PHOENIXVILLE, Pennsylvania — The University of Valley Forge has implemented an innovative concept that saves the school money while helping top students further their education.
President David S. Kim created the graduate assistant program, which allows the best students to earn a master’s degree in a unique manner. These students, who might otherwise have gone for an advanced degree elsewhere, receive free tuition, housing, and even a stipend. In exchange, they work full time for the school during their master’s studies. Seventeen students currently are enrolled in the program.
The G.A. students are engaged in jobs of importance to gain hands-on experience. Kim personally supervises the students’ professional development with monthly mentoring meetings. Some join the staff of the school upon earning their degree.
Sophie L. Benco of Pittsburgh is enrolled in the G.A. program while working on her Master of Arts in Organizational Leadership degree. She simultaneously is serving as UVF’s spiritual formation coordinator. That involves planning the school’s chapel services four times a week and inviting speakers to the services. It also entails overseeing UVF’s 30 official student small groups, which discuss topics such as loneliness and depression. Benco’s responsibilities include mentoring and coaching.
Benco sees the weekly breakout sessions as a key to unifying the student body.
“They help students experience koinonia — a God-centered, loving community,” says Benco, 20. “The goal is not to sit around and hear more teaching, but to bond with each other, to stand up for each other.” Benco believes the gatherings are beneficial especially for students who don’t have a circle of friends or socialize naturally.
Benco, who graduated from UVF in the spring with a Bachelor of Arts in Pastoral Leadership, has noticed fewer student cliques since Kim took over as president in 2017. She also says students are more open with each other than when she began her college studies after being home schooled.
Luis A. Figueroa Jr., 21, also graduated in May with a B.A. in Pastoral Leadership and is likewise pursuing an M.A. in Organizational Leadership. At the same time, he is entrusted with the important role of UVF admissions counselor, which includes online applicants. Figueroa, who is Hispanic, believes students attending the school feel the authenticity of ethnic diversity. UVF, with a student body that is 45 percent nonwhite, is the 10th most-diverse university in the northern United States, according to U.S. News & World Report.
“When students come here, they feel the embracement of different cultures,” Figueroa says. “We can learn a lot from students of other backgrounds — not just ethnic demographics — suburban, urban, and rural. Being a Christian means crossing culture.”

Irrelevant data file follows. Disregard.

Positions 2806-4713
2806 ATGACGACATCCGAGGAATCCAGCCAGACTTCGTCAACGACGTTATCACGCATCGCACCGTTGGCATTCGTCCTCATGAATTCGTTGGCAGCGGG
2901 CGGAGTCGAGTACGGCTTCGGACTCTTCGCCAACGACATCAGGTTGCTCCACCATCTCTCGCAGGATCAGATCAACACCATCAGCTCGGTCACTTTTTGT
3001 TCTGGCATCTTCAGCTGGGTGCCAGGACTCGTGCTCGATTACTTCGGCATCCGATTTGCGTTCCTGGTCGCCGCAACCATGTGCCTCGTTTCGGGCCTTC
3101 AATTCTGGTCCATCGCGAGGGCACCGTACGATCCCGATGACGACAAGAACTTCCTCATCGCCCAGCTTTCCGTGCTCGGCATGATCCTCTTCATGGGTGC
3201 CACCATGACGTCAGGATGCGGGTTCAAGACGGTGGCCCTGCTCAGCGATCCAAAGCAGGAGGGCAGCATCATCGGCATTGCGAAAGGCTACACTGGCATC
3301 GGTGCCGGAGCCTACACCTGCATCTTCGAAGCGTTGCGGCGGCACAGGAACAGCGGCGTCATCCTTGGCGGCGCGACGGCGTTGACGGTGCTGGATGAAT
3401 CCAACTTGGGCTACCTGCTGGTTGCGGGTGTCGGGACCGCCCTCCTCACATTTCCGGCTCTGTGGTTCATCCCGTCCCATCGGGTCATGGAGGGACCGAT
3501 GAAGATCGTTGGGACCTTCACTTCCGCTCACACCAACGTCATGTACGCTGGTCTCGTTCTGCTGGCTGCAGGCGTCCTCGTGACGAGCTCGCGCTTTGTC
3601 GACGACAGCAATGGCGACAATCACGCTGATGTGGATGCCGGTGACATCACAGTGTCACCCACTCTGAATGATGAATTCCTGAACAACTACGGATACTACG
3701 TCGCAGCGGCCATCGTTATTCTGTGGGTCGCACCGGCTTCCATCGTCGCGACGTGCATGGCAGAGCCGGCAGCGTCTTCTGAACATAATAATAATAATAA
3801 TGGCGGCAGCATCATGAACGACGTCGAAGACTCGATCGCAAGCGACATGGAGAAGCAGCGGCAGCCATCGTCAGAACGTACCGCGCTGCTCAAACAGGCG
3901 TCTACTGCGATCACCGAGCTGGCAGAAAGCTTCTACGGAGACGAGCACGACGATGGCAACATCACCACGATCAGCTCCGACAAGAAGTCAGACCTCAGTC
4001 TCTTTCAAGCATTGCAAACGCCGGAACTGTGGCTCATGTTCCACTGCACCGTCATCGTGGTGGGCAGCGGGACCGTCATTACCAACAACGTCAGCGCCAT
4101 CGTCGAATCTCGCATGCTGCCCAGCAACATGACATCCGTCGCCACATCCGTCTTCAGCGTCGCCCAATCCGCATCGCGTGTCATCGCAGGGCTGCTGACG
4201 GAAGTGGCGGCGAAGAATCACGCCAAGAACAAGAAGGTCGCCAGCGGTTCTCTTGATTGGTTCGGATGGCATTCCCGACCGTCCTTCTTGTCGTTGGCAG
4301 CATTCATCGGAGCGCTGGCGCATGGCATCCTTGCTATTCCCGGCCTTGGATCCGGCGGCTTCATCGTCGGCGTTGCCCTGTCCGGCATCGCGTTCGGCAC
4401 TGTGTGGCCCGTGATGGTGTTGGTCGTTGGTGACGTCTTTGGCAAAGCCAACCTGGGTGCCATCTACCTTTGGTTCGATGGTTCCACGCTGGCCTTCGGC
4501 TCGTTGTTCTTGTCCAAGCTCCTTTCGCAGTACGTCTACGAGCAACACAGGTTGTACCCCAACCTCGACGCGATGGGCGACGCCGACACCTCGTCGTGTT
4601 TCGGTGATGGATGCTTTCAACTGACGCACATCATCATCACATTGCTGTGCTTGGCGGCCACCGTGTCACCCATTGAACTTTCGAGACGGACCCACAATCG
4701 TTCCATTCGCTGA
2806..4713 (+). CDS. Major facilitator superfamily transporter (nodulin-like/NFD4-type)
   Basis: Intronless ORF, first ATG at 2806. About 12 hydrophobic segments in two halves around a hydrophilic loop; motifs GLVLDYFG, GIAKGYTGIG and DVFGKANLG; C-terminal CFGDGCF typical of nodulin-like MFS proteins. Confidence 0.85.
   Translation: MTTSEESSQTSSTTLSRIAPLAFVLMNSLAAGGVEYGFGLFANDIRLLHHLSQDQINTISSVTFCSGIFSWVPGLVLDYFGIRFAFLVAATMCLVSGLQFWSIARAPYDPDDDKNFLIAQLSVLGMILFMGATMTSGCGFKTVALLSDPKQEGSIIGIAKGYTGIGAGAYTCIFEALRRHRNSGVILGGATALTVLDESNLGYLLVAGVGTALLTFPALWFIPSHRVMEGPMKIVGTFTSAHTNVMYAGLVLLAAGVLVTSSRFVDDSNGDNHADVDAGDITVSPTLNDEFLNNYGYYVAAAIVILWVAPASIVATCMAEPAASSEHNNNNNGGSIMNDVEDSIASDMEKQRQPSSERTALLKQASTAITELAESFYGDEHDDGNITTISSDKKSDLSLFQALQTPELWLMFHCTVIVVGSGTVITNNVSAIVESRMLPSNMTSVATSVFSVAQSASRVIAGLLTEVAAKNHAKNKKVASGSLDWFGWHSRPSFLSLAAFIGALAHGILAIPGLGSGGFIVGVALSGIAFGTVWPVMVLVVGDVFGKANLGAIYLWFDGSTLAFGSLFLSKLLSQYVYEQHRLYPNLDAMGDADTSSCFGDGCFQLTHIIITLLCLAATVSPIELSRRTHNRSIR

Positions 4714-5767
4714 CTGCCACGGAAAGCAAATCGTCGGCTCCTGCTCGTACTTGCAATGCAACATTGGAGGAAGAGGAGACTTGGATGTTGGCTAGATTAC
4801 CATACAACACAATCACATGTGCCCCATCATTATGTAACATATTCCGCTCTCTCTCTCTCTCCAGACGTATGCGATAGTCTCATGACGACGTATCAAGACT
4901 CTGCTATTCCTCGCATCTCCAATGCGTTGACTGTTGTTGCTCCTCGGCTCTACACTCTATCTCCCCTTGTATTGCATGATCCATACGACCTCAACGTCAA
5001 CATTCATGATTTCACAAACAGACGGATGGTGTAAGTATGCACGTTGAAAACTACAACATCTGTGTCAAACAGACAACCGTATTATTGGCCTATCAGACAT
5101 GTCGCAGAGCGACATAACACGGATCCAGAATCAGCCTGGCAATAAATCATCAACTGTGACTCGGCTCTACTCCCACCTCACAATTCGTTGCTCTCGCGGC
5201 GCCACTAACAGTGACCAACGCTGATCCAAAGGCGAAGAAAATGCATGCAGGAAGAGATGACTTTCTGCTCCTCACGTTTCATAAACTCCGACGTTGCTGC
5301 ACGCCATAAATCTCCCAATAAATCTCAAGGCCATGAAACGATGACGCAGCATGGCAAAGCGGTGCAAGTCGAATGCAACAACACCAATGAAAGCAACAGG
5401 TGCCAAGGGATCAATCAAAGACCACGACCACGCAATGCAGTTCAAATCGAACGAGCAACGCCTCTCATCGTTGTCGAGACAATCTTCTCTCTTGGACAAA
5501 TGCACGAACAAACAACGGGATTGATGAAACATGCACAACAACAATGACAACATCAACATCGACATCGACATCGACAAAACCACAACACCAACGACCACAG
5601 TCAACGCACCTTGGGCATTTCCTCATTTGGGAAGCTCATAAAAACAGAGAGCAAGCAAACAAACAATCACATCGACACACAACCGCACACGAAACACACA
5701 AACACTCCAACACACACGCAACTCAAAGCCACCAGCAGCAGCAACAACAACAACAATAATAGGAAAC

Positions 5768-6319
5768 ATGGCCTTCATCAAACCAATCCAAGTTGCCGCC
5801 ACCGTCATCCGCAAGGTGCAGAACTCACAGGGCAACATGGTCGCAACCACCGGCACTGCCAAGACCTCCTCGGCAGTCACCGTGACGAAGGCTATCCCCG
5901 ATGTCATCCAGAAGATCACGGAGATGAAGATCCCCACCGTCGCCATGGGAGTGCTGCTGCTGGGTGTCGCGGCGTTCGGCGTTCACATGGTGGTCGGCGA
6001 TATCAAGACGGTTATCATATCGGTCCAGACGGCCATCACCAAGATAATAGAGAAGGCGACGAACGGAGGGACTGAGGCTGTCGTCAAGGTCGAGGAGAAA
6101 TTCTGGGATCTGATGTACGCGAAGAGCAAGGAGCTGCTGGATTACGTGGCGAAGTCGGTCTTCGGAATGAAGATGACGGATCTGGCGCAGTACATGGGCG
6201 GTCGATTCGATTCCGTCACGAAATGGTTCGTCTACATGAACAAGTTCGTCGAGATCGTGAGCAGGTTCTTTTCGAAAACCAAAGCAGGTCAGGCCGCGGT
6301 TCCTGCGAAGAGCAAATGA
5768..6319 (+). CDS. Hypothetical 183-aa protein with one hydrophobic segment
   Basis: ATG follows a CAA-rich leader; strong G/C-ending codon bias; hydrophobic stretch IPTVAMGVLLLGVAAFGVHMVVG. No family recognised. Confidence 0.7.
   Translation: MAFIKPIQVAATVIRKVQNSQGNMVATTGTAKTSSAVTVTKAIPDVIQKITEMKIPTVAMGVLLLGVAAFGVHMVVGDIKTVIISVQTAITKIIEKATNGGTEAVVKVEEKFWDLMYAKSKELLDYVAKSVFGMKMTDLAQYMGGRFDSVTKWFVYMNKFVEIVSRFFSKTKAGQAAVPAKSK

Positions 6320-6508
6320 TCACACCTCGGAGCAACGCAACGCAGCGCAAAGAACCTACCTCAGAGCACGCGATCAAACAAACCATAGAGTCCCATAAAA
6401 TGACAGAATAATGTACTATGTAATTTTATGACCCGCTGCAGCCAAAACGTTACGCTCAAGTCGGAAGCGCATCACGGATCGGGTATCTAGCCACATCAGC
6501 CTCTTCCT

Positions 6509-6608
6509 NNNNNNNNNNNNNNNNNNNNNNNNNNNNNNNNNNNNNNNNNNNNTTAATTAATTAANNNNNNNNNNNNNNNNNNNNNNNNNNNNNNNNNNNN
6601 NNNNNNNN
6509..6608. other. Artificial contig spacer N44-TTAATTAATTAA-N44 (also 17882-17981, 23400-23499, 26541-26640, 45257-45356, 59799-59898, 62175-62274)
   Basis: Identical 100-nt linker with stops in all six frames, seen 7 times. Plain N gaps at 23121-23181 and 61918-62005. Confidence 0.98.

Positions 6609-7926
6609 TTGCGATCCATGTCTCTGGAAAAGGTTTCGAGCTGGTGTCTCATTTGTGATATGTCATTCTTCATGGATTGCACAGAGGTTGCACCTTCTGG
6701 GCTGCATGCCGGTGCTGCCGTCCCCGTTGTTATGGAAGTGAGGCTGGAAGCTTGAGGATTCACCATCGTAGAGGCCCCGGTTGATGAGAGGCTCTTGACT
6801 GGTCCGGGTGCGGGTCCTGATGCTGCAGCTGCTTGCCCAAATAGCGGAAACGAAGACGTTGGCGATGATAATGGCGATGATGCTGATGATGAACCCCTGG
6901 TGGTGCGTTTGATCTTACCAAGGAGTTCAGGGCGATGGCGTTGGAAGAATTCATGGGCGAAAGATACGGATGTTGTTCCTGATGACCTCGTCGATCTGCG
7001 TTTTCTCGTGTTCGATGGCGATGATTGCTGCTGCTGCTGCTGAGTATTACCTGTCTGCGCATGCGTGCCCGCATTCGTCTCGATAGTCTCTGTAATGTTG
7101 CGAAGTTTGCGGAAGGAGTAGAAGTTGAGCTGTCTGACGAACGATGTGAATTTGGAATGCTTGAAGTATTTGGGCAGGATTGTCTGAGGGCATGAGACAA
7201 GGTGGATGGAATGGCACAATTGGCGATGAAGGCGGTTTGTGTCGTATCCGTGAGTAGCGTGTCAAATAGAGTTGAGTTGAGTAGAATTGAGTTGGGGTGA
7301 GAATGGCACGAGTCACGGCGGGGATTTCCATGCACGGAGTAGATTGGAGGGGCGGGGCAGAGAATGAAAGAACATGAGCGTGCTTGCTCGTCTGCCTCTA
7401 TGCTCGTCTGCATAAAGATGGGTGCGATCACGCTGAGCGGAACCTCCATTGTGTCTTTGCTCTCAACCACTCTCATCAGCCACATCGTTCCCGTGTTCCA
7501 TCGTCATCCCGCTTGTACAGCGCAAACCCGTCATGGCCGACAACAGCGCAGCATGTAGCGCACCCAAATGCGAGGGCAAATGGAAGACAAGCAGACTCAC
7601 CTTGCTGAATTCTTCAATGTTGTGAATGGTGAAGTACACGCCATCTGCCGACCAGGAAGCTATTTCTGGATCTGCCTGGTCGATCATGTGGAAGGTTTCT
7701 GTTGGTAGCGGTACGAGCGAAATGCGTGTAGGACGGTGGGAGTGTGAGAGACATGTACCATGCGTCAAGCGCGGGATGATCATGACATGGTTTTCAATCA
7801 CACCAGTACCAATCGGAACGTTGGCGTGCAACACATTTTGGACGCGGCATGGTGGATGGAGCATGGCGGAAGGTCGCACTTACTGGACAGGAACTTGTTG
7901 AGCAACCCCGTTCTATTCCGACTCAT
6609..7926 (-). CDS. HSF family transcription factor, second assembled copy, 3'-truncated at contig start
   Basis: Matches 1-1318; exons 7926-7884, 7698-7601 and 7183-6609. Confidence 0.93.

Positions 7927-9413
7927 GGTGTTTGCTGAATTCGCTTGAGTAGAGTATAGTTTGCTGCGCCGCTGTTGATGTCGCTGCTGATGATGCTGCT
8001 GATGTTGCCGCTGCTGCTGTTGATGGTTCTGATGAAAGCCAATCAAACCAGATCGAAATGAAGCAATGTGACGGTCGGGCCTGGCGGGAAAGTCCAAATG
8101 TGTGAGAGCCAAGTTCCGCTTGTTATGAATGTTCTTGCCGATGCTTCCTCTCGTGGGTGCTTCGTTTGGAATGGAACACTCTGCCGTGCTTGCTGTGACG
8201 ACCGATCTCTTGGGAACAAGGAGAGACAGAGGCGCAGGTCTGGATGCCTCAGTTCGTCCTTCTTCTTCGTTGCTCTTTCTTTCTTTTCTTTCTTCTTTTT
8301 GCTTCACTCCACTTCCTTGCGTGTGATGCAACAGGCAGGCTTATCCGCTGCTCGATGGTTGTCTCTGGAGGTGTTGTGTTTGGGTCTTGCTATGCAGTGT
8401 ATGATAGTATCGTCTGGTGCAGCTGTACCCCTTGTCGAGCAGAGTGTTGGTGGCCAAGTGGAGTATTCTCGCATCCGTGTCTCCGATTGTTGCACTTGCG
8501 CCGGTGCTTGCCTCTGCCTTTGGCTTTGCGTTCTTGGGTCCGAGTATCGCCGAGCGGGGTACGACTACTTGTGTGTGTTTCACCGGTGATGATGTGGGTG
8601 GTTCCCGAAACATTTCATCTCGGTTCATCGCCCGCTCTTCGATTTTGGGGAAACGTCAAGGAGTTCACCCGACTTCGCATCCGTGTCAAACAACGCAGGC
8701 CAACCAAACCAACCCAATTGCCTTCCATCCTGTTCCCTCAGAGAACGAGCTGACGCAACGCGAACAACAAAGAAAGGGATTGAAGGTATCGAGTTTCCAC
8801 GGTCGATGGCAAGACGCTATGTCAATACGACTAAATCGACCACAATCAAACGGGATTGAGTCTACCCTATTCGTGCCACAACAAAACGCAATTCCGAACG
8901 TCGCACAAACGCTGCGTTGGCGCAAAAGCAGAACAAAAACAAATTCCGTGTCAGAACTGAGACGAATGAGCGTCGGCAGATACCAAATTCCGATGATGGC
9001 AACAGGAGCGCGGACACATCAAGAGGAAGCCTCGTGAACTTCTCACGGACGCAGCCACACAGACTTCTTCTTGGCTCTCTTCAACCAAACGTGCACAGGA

Figueroa is originally from Staten Island, New York. His parents, Luis Sr. and Anna Figueroa, pastored Assemblies of God congregations for more than 20 years and now live in Lancaster, Pennsylvania.
Jesús E. Cruz-Peña obtained his UVF undergraduate degree in criminal justice and is enrolled in the master’s in organizational leadership program, while simultaneously serving as men’s residence director. He says that means he is responsible for the physical, spiritual, and mental well-being of over 170 men on campus. In addition, he meets weekly with 18 resident assistant and assistant RAs, holding them accountable and providing peer mentor guidance.
“It’s a tremendous blessing to be in the G.A. program,” says Cruz-Peña, 26. “It gives me the opportunity to get job experience as I prepare to transition into the world.”
Before becoming a master’s student, Cruz-Peña dreamed of becoming a forensic detective. But now he is praying about whether he should enter full-time ministry. He is serving as youth pastor at Tabernáculo de la Fe, an AG Hispanic church in Philadelphia. His father, Emilio E. Cruz, is pastor of Iglesia Cristiana Vida Nueva, an AG Hispanic church in Webster, Massachusetts.
Cruz-Peña says the experience he’s gaining in the G.A. program will prove valuable, whether he enters a church or secular career.
“This may already be my dream job,” Cruz-Peña says.
Lead Photo: Sophie Benco’s duties include overseeing chapel services at the school.
Bottom Photo: Luis Figueroa Jr. is UVF’s admission counselor. Photos in the UVF GA program folder.
Source: AG News